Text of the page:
RIO DE JANEIRO (Reuters) – Lionel Messi was uncharacteristically quiet in Argentina’s 1-0 win over Brazil on Saturday but his performance was irrelevant compared to what the victory means – a first major title for Messi in the blue and white of the national side.
The Barcelona striker has won the FIFA World Player of the Year a record six times and is widely considered one of the greatest players ever to play the game, alongside Pele and countryman Diego Maradona.
But his inability to win an international title with Argentina always left an asterisk beside his name on the all-time greats list.
That is now gone after an emotional Copa America final at the Maracana stadium decided by a first half goal from Angel Di Maria.
Messi had a quiet game by his own standards and missed a golden chance with two minutes remaining when he appeared to stutter with only the keeper to beat.
But the record books will record he finished the tournament’s top goalscorer with four goals and was elected joint best player along with Neymar.
More importantly Messi is finally a winner at international level after finishing on the losing side in four previous finals – three times in the Copa America and once in the 2014 World Cup.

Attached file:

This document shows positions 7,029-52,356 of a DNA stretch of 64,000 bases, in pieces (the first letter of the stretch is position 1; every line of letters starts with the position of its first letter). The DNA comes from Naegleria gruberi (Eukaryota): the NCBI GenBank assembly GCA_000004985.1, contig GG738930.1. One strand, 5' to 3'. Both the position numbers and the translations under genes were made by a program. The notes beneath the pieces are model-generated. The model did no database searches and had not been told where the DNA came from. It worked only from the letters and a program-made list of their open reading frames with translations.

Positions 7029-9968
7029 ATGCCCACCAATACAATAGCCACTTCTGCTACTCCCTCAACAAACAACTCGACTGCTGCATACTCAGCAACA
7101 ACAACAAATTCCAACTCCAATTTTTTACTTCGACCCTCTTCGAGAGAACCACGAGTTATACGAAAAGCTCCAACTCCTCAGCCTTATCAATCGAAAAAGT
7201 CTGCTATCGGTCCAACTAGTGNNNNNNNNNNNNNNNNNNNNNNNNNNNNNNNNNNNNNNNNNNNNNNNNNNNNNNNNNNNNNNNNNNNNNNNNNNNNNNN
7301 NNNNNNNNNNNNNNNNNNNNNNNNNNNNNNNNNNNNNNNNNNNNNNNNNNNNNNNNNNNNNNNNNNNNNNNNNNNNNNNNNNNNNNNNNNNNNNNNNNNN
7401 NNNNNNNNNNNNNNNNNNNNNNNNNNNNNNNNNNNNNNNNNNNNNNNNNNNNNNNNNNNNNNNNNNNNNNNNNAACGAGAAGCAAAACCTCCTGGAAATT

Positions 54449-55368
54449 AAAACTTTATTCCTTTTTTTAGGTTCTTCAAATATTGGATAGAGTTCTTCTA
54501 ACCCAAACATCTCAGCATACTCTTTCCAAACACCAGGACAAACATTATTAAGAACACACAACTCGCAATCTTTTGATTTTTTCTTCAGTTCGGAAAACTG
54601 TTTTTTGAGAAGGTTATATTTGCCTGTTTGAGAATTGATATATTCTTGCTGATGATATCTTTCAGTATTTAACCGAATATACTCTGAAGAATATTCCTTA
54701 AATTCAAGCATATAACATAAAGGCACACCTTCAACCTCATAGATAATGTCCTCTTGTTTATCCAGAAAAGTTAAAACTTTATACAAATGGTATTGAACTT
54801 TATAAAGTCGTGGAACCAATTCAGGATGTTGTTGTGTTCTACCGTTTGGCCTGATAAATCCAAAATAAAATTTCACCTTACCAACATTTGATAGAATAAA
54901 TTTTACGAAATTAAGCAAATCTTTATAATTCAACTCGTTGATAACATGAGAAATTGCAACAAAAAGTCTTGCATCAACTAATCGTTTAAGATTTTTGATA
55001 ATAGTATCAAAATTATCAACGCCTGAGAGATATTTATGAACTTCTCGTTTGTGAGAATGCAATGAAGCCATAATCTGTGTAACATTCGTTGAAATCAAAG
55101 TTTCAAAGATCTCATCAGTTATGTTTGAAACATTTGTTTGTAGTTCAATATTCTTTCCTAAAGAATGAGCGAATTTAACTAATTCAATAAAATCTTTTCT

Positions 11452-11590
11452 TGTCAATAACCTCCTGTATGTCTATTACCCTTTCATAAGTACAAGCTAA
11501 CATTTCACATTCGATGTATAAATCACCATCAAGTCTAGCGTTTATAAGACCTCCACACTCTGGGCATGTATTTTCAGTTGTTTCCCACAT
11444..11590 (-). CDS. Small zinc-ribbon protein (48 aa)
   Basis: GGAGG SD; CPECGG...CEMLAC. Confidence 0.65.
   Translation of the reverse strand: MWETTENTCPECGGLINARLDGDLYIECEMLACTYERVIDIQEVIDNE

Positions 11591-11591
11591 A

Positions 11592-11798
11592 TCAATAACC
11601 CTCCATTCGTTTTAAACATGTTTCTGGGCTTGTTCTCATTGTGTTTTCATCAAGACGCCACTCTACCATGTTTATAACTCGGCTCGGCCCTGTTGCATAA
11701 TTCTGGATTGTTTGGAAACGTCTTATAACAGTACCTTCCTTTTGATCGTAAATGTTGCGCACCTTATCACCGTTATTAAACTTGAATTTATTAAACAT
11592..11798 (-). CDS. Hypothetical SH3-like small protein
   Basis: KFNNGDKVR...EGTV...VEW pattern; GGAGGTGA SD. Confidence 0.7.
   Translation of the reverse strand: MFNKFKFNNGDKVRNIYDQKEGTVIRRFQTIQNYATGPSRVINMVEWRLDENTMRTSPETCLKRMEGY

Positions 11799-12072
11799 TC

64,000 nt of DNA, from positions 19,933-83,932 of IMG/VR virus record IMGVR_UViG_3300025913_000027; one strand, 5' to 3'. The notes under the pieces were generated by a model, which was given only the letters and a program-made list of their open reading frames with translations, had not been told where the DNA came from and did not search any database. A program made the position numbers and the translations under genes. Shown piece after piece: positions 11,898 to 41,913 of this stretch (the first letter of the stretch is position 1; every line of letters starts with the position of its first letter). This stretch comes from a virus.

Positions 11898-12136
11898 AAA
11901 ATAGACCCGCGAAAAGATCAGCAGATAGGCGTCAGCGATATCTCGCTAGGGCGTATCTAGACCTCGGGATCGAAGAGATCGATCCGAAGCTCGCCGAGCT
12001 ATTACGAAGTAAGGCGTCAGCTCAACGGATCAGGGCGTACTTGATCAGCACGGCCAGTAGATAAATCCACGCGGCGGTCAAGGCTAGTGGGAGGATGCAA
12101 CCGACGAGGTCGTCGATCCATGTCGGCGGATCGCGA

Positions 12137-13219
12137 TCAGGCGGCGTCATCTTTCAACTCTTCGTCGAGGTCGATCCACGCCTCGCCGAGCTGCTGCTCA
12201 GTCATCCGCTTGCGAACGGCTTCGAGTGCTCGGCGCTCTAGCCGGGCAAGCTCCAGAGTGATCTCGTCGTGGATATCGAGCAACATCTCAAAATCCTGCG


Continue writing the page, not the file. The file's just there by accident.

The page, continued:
People took to the streets in Argentina to celebrate the win, Argentina’s first major title since 1993. Argentine TV celebrated the title as Messi’s.
The 34-year-old has been in superb form over the last few weeks, scoring four times – including two trademark free kicks – and setting up five goals, a tournament high.
The win brings his dismal run to an end and also caps a remarkable comeback.
Messi was so upset at losing to Chile on penalties in the Copa America final of 2016, exactly as he had done a year before, that he retired from international football.
He changed his mind a few weeks later and helped drag an inconsistent Argentina to the World Cup finals in Russia where once again they crashed out to eventual champions France in the last 16.
Messi failed to score in the knockout stages of the World Cup for the fourth time in a row, raising even more questions about his place on the all-time greats list.
That question has surely been erased after Saturday’s victory in Rio.
(Reporting by Andrew Downie; Editing by William Mallard)